BRIAN: After the AI ​​correctly identified my dog, the next logical step was to test it on zoo animals. So I recently visited the Oakland Zoo in Oakland, California, where, for two hours, I observed about a dozen animals, including parrots, turtles, monkeys, and zebras. I told him: “Hey Meta, look and tell me what kind of animal that is.”

The AI ​​was wrong the vast majority of the time, in part because many animals were caged and further away. He confused a primate with a giraffe, a duck with a turtle and a meerkat with a giant panda, among other confusions. On the other hand, I was impressed when the AI ​​correctly identified a specific breed of parrot known as the blue and gold macaw, as well as zebras.

The strangest part of this experiment was talking to an AI assistant in the presence of children and their parents. They pretended not to hear the only lone adult in the park while I apparently muttered to myself.

MIGUEL: I also had a peculiar time shopping. Being inside a Safeway and talking to myself was a little embarrassing, so I tried to keep my voice down. I still got a few sideways glances.

When Meta's AI worked, it was lovely. I picked up a strange looking package of Oreos and asked her to look at the package and tell me if they were gluten-free. (They weren't). She answered questions like these correctly about half the time, although I can't say that she saved any time compared to reading the label.

But the only reason I put on these glasses was to start my own Instagram Cooking Show – a flattering way of saying that I record myself preparing the week's meal while talking to myself. These glasses made doing so much easier than using a phone and a hand.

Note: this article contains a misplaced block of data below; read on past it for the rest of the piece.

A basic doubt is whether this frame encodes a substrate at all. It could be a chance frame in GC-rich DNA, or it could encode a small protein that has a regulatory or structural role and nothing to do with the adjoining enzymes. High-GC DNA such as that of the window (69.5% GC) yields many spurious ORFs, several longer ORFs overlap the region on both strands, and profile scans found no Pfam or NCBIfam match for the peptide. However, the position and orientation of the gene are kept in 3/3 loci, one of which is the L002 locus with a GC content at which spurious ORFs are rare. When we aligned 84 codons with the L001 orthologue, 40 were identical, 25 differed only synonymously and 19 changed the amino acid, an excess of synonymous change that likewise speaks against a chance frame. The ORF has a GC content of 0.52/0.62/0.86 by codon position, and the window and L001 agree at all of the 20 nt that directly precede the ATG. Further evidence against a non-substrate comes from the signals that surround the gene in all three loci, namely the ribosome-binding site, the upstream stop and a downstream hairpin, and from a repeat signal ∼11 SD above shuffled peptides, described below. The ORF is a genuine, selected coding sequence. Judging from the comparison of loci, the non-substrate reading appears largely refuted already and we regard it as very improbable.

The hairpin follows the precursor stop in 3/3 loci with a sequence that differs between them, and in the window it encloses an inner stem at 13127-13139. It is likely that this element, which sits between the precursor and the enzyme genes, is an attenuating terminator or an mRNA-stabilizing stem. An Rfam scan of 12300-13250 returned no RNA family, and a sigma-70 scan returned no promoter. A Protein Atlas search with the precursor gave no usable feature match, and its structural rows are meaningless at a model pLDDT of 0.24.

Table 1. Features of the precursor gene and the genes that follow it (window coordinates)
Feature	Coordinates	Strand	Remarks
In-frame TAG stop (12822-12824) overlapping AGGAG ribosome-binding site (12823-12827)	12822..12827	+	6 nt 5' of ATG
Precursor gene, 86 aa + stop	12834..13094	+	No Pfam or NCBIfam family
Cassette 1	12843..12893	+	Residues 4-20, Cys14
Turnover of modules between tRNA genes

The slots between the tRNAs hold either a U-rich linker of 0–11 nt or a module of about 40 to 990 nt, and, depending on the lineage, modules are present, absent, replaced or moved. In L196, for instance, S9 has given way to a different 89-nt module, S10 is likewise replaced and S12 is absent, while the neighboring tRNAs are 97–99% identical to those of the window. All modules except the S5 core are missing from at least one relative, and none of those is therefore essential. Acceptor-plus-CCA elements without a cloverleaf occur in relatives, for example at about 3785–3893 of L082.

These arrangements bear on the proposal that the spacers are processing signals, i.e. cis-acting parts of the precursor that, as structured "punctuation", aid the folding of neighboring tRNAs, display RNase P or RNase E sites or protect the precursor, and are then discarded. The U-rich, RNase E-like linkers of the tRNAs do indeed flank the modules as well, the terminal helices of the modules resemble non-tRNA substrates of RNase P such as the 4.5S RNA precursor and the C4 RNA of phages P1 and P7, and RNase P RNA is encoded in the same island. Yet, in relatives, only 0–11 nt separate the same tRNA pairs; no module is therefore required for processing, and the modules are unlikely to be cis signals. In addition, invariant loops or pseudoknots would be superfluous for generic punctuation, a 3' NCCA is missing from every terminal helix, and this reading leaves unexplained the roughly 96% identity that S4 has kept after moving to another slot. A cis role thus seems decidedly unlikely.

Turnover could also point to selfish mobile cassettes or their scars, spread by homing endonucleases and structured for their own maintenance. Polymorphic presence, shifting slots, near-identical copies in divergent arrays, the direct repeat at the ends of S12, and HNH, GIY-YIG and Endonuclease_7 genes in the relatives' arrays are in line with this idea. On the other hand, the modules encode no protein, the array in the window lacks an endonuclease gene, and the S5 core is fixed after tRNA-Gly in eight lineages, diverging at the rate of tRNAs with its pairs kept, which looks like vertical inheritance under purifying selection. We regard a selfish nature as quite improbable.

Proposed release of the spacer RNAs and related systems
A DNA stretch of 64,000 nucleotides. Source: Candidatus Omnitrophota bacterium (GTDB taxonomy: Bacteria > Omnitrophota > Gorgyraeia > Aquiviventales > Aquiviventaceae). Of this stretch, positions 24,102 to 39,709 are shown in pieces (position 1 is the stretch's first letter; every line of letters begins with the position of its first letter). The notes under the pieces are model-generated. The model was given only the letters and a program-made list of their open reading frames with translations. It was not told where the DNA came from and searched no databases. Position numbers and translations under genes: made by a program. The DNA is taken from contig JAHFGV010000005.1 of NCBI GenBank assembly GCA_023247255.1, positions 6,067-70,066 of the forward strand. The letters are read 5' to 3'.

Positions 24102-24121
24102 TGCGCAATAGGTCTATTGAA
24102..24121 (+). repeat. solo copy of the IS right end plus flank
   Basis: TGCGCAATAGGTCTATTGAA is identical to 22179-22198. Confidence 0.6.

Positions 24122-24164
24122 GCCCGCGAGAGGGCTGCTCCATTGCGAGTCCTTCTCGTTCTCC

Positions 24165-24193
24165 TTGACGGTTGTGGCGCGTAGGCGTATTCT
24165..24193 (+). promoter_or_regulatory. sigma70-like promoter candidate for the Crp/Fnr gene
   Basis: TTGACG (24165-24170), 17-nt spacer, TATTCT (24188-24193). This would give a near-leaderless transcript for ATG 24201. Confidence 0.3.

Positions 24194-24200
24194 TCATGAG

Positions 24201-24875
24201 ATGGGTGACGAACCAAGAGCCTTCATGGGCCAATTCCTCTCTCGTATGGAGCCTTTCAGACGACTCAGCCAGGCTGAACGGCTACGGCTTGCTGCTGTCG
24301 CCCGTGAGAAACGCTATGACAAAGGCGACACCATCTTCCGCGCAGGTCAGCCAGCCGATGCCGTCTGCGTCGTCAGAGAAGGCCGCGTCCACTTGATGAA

The AI ​​assistant can also offer help in the kitchen. If I need to know how many teaspoons are in a tablespoon and my hands are covered in olive oil, for example, I can ask you to tell me. (There are three teaspoons in a tablespoon, just FYI.)

But when I asked the AI ​​to look at a handful of ingredients I had and create a recipe, it spit out quick instructions for an egg cream, which isn't exactly helpful for following directions at my own pace.

A handful of examples to choose from might have been more useful, but that might require tweaks to the UI and maybe even a screen inside my glasses.

A Meta spokesperson said users could ask follow-up questions to get more accurate and helpful answers from their assistant.

BRIAN: I went to the supermarket and bought the most exotic fruit I could find: a custard apple, a green, scaly fruit that looks like a dinosaur egg. When I gave Meta's AI multiple chances to identify it, it made a different guess each time: a chocolate-covered nut, a stone fruit, an apple, and finally a durian, which was close, but not a banana.